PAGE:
Climate change could turn food inflation, a critical driver behind the recent resurgence of overall inflation, from temporary to permanent.

Once upon a time, Messinia, Greece's Southwest province, was a significant producer of olive oil and dried figs exported to world markets.

Nowadays, Messinia continues to produce olive oil and figs, but production has suffered steadily year after year thanks to rising temperatures, which makes it harder to grow these products.

That's certainly bad news for the producers of these products, as they see their incomes decline. At the same time, it's terrible news for consumers, as they must pay higher prices for these items.

Climate change doesn't affect just fig and olive oil production. It extends to the production of almost every product, which is sensitive to chronic changes in weather conditions.

"Climate change is here, and unfortunately, here to stay," said Assaf Dotan, CEO of Grace Breeding, an agrotech company creating biological fertilizers. "The change of an average of 1-2 degrees bears on the world, rains or lack of rains, changes in air humidity, and levels of CO2 - already have and will continue to increase food inflation. In some areas, it becomes difficult for farmers to grow similar yields under climate change, and in others, nothing will be able to grow anymore. That means the same farming areas will yield less food while the world population continues growing."

Kunal Sawhney, CEO of Kalkine Group, an Australian-based wealth management company, believes that climate change will continue to cut crop yields in the long term, causing upward volatility in food prices.

"The climate is perhaps the most important reason food prices increase," Sawhney told IBT in an email.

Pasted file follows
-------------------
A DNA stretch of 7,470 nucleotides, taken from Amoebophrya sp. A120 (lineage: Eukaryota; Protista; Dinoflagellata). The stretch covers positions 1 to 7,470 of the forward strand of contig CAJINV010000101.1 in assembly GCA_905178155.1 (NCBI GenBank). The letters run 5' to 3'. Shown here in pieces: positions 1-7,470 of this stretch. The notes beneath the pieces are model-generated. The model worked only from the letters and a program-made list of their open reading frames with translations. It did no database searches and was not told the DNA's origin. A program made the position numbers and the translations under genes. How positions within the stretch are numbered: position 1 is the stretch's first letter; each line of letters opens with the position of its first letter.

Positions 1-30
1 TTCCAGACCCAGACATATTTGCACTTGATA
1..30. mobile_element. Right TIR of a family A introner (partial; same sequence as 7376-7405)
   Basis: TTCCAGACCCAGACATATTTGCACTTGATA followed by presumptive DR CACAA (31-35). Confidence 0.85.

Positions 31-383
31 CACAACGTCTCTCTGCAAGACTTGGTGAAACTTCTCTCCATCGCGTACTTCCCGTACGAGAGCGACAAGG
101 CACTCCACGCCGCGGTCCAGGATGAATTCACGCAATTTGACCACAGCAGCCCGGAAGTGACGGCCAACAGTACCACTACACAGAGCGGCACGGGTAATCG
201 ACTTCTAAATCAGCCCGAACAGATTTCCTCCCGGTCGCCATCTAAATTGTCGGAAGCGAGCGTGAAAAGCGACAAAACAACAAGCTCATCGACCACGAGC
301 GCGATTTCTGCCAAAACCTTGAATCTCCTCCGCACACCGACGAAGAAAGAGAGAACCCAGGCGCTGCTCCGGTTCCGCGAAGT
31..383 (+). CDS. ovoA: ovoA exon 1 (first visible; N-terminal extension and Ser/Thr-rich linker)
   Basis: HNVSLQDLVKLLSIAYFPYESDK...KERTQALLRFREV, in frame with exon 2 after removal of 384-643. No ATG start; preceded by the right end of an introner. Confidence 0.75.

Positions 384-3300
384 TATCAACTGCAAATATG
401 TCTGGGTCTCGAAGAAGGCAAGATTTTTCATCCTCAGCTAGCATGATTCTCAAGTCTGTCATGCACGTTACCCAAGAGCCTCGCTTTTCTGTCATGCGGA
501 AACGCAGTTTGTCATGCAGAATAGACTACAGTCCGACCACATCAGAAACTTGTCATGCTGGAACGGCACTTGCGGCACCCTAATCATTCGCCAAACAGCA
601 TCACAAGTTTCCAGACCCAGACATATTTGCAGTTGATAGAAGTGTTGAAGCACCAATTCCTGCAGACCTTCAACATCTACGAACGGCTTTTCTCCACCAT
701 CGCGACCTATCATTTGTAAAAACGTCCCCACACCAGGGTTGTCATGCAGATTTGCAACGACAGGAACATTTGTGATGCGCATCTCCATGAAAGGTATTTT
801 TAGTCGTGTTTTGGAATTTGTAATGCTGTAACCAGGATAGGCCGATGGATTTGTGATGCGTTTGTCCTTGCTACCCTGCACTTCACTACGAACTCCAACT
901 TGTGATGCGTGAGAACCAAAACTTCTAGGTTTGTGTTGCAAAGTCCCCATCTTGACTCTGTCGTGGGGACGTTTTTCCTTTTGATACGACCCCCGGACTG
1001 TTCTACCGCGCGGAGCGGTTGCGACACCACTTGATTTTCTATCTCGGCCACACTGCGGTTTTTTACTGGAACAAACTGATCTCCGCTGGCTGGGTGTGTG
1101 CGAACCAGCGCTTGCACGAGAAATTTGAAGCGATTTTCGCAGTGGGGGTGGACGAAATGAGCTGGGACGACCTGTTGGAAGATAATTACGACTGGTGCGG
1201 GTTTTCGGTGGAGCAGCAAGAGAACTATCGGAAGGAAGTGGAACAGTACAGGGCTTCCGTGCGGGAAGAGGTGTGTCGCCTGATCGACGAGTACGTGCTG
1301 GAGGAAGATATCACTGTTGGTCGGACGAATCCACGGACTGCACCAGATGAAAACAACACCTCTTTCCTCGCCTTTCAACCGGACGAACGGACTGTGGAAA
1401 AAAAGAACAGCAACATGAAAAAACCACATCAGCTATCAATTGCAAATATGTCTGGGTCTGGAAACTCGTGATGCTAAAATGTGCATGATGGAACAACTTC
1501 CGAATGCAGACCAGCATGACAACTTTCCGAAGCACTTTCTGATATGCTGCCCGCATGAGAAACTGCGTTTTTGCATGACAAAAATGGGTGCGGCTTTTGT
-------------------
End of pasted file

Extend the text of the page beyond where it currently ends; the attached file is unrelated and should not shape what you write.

"Most of the time, global food prices increase due to drought brought about by climate change. In 2022, there were other factors that contributed to food inflation. Ukraine-Russian stand-off leading to high energy and fertilizer prices being one of them, but climate events could be the main reason that will lead to higher prices in the future."

The turning of food inflation from a temporary to a permanent problem is bad news for consumers worldwide, especially for the consumers of less developed countries, who spend proportionally more on food than the consumers of more developed countries.

Soaring food inflation could bring some developing countries to the "boiling point," descending into chaos and rioting. It happened during the global food crisis of 2008-9 and 2010-11 in Tunisia, Syria, and Egypt, which are highly dependent on food imports.

Is there a solution to the problem? Climate change is a global problem, and therefore, it requires a global solution within international agencies like the U.S, which held its climate change conference this week.

But there are other micro-level solutions that can ease the shortfall in food production, parallel to the UN's initiatives.

Dotan believes the solution is to adopt farming technologies that help decrease or reduce the causes of climate change.

"One of the steps we can take is adopting products that replace Synthetic urea (Nitrogen 46%) with biological-based products that keep similar yields," he said.

Sawhney thinks the solution is investments in companies working to combat climate change, especially those in the vegan meat sector. They "might have a comparatively costlier product line but are bringing some positive change to the ongoing and looming threat of climate change."

Apples are displayed for sale at the produce area as customers browse grocery store shelves inside Kroger Co.'s Ralphs supermarket amid fears of the global growth of coronavirus cases, in Los Angeles